Did they deliver? Yes. Both games came out then.

The promise: We saw a cool new trailer for the surprise Wii U exclusive Bayonetta 2, which had already been announced a couple years back. The news this time: every copy would come with a newly-developed Wii U port of the original Bayonetta. “October 2014” was the promised release window.

Did they deliver? Sure did. Bayonetta 2 came out on October 24, 2014, and alongside it was a port of the first game.

The promise: Nintendo showed off the Zelda spinoff Hyrule Warriors, which they said would be out September 26, 2014.

Did they deliver? Yes.

The promise: More Kirby! Nintendo announced Kirby and the Rainbow Curse, a sequel to Canvas Curse, to be released in 2015.

Did they deliver? Yep. Kirby and the Rainbow Curse came out in February of 2015.

The promise: JRPG fans would finally have something to look forward to on the Wii U with the newly-retitled Xenoblade Chronicles X, now delayed to 2015.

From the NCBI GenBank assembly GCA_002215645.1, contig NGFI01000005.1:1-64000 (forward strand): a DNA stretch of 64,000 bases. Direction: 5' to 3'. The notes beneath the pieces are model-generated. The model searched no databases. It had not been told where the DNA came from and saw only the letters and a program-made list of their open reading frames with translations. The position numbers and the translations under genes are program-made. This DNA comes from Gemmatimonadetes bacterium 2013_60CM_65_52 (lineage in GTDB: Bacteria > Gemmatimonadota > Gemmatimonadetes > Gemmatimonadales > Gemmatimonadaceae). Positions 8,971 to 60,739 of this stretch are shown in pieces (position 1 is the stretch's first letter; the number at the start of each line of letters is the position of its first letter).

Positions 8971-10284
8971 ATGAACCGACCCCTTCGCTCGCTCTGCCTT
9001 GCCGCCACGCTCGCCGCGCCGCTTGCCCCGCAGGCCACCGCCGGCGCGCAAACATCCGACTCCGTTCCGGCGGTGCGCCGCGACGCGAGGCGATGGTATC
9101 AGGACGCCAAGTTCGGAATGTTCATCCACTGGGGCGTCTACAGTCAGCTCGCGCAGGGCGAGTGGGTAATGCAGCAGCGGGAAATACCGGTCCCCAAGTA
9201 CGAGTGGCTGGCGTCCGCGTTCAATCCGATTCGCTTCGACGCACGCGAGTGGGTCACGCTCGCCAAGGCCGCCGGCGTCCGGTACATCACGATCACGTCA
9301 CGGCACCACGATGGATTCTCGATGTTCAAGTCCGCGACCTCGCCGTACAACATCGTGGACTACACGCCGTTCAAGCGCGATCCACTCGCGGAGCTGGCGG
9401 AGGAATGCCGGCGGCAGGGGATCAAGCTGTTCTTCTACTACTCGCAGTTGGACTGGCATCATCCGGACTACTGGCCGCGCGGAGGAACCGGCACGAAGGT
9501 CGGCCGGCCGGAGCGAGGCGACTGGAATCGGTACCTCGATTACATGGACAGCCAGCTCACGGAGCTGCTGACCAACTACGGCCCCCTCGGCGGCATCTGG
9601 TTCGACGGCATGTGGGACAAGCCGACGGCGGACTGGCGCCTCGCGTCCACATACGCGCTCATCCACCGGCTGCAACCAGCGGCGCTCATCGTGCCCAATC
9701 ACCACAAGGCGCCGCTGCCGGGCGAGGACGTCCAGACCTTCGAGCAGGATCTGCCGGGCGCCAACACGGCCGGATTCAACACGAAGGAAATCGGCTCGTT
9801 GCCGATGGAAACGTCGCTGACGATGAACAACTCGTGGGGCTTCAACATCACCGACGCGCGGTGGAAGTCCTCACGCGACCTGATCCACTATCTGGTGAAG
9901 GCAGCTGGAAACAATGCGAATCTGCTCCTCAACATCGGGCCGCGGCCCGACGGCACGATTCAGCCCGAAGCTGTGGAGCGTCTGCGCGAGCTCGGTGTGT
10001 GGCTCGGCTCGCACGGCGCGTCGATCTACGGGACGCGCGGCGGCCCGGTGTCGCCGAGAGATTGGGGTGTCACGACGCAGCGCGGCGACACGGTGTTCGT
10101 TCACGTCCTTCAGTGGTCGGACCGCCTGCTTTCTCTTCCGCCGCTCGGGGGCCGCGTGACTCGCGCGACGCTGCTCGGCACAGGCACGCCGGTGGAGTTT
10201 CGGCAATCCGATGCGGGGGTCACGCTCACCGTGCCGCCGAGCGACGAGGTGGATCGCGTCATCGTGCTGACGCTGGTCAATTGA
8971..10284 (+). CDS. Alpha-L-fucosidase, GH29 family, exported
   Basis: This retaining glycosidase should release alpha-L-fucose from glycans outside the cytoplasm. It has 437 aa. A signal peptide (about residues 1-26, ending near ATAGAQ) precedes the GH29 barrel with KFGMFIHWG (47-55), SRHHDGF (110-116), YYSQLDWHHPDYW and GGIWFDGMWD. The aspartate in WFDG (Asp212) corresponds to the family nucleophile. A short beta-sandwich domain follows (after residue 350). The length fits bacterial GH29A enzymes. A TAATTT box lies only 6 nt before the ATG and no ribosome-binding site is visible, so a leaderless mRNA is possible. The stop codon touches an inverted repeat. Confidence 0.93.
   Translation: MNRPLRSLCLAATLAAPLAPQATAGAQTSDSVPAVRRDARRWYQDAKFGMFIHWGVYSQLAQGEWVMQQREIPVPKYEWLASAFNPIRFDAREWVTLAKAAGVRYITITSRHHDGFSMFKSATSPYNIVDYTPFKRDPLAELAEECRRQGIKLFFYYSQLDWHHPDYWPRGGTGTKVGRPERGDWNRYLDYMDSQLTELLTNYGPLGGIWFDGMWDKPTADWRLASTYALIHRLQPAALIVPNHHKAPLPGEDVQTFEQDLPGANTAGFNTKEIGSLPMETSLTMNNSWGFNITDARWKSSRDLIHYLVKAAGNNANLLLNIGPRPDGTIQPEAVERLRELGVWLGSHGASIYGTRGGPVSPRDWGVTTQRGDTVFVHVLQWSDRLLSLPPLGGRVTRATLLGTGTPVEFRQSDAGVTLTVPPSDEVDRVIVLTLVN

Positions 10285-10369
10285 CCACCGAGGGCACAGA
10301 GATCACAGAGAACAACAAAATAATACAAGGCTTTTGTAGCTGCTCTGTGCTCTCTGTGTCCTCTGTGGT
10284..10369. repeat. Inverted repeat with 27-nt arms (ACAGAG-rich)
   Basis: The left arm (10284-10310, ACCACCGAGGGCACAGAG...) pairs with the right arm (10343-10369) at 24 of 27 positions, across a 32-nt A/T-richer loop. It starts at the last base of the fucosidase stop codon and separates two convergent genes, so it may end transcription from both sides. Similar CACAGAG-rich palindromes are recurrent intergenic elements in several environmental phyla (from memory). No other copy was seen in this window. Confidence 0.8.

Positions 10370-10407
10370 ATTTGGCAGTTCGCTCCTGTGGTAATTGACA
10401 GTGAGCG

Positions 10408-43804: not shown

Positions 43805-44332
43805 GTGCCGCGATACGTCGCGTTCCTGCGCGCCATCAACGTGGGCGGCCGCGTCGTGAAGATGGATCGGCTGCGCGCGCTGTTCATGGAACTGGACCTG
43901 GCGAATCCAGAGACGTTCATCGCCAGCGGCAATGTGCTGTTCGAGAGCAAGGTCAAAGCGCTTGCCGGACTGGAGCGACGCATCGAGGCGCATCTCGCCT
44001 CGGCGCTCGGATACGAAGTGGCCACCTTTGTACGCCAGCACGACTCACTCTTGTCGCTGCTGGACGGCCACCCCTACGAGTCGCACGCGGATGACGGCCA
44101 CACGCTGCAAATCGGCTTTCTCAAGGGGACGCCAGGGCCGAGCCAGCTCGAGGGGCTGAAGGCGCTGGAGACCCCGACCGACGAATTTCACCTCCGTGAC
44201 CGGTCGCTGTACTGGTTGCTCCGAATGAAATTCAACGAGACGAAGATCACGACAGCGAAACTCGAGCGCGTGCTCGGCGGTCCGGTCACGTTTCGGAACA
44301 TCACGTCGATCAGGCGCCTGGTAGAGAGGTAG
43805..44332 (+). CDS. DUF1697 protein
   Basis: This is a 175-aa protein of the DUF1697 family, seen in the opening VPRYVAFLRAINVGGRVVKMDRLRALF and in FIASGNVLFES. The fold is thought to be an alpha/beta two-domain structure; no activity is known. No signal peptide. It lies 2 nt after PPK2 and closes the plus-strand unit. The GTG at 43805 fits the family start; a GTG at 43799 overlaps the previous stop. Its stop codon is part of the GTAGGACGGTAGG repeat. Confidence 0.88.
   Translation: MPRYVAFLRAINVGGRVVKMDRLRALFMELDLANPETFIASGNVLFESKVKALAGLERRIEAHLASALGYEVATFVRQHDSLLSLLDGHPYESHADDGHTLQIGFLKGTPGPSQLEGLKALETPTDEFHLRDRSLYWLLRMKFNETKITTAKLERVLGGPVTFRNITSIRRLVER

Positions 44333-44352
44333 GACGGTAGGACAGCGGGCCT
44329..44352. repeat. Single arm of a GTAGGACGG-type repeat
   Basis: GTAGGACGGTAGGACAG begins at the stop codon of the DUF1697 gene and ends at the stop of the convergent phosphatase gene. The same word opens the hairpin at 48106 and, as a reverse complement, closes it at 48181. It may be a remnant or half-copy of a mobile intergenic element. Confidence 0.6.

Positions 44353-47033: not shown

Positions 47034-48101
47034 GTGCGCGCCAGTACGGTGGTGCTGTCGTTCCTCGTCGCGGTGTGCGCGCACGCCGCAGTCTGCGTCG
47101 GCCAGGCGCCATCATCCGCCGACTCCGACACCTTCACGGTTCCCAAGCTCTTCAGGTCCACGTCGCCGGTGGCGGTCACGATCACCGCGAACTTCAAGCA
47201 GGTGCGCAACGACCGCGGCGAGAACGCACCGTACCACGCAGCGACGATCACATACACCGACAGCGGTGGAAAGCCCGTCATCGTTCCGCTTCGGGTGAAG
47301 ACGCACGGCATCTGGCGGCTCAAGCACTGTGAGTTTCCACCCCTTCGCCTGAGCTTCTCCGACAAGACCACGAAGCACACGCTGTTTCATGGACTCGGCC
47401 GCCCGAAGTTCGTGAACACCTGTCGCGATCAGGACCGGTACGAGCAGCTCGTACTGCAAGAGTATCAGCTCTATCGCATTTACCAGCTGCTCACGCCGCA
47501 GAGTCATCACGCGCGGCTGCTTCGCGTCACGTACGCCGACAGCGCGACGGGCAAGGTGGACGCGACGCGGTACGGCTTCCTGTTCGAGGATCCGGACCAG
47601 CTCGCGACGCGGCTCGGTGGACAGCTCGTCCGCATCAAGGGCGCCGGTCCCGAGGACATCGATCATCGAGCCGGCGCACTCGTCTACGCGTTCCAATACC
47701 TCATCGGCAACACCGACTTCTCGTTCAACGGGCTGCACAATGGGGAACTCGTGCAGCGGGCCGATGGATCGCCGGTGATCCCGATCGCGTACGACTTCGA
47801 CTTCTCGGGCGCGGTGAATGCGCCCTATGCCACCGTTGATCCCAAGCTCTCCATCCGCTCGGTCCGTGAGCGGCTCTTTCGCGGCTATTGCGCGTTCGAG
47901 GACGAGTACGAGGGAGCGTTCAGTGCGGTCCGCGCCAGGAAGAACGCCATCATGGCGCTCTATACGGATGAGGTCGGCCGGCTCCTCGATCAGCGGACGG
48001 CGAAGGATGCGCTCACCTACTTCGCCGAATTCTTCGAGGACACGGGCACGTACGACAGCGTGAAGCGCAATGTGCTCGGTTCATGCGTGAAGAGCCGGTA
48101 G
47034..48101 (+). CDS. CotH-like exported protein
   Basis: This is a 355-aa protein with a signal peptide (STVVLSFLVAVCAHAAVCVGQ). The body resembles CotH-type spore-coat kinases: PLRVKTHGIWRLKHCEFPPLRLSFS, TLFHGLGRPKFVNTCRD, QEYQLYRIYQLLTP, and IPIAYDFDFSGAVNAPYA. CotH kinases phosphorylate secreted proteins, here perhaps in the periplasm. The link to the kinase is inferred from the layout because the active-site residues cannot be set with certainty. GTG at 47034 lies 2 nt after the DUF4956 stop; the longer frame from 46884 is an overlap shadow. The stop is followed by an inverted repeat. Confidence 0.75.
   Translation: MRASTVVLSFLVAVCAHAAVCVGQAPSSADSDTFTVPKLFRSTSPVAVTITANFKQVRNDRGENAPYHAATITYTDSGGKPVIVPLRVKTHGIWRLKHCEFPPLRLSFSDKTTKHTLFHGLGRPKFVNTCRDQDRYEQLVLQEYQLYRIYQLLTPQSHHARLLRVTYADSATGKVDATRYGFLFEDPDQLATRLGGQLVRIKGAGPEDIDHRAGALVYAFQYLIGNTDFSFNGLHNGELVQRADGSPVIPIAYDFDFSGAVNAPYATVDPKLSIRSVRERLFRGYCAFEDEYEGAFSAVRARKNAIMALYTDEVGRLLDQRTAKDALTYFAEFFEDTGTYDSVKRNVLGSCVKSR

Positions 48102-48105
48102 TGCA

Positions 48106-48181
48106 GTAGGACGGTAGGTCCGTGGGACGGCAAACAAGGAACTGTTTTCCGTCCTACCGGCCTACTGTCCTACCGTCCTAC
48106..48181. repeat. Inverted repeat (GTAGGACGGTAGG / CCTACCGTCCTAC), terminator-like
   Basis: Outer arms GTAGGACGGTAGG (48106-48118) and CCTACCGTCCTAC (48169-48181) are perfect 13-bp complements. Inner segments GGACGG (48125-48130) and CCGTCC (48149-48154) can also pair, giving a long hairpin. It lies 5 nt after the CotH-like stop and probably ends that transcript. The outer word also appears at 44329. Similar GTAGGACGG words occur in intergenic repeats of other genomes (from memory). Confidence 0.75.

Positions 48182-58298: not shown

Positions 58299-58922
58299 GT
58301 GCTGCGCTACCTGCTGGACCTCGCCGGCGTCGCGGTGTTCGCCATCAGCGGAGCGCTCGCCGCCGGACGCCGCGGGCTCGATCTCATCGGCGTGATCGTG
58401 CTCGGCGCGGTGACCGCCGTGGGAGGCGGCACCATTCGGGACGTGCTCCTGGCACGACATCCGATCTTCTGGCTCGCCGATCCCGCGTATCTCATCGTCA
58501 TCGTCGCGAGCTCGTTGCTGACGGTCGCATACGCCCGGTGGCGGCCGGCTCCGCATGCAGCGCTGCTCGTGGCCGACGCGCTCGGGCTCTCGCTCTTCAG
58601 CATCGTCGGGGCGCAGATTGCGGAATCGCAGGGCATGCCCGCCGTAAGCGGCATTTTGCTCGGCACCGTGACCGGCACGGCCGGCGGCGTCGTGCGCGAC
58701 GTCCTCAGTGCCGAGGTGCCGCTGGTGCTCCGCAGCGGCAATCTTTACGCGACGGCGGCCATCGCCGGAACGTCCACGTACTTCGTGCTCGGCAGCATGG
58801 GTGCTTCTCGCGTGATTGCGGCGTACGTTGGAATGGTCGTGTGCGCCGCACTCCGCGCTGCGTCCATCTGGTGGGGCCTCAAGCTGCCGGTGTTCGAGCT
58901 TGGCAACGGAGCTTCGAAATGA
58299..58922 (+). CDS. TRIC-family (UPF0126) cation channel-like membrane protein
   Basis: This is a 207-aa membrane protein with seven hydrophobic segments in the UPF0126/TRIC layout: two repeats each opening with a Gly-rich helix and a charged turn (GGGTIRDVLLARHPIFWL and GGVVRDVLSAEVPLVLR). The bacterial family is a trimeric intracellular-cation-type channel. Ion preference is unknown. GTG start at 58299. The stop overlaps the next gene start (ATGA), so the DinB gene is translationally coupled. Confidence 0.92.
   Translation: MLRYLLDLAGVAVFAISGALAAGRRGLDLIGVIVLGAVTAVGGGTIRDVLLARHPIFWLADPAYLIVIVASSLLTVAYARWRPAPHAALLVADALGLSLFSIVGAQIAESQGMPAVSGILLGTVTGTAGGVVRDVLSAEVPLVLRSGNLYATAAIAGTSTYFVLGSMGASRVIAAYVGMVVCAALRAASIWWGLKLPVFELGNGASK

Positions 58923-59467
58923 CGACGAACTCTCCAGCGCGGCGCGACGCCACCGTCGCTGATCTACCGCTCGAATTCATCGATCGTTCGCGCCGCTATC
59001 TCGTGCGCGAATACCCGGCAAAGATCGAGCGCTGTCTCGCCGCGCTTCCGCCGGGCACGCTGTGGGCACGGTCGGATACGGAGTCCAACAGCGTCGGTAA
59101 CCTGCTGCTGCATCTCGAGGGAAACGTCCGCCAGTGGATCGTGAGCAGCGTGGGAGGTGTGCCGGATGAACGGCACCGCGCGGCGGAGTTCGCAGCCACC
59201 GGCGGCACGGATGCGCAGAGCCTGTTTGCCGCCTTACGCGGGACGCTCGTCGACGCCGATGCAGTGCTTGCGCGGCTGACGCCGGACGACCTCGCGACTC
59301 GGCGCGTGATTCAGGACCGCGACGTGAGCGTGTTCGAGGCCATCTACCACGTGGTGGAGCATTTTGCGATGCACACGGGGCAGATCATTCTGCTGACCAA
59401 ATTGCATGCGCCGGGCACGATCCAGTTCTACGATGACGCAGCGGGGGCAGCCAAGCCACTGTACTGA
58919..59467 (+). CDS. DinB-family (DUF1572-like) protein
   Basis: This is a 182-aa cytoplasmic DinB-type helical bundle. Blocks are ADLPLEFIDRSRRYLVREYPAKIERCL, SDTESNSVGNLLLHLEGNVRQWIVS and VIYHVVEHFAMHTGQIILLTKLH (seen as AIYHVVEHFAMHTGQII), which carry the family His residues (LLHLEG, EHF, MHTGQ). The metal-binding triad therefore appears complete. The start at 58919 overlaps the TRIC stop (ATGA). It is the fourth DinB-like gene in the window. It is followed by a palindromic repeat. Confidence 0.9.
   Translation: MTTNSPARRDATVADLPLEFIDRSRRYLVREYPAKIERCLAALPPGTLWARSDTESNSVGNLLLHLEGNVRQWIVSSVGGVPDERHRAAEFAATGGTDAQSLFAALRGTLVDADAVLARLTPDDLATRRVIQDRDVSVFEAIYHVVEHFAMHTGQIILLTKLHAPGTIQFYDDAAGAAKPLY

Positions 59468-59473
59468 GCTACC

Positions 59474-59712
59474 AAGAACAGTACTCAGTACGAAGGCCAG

Did they deliver? TBD. The new Xenoblade is already out in Japan, but we haven’t seen it here yet.

The promise: Three decades after Mario first popped out of a pipe and into the world, Nintendo would finally release an official stage creator called Mario Maker. The concept: anyone can put together their own Mario stages thanks to the Wii U’s tablet controller. After a brief trailer, Nintendo said it’d be out in 2015.

Did they deliver? TBD. We’ll likely see more of Mario Maker — currently slated for September — next week at E3.

The promise: Something brand new! Nintendo announced Splatoon, an inky shooter that would let players transform between squid and kid while squirting coloured paint everywhere. They said the game would be available in 2015.

Did they deliver? Sure did. Though the interface in the final game looks a little different, Splatoon came out last month for Wii U.

The promise: “Right after we sign off, we invite you to stay tuned on Nintendo’s Twitch channel for our post-show recap,” Fils-Aime said.

Did they deliver? Yes! Nintendo successfully recapped their show.

The promise: Fils-Aime added that Nintendo had even more game news coming that “we didn’t have time to squeeze into this video.”

Did they deliver? True. Later during E3, the publisher held a special evening roundtable to announce the strategy game Code Name: STEAM.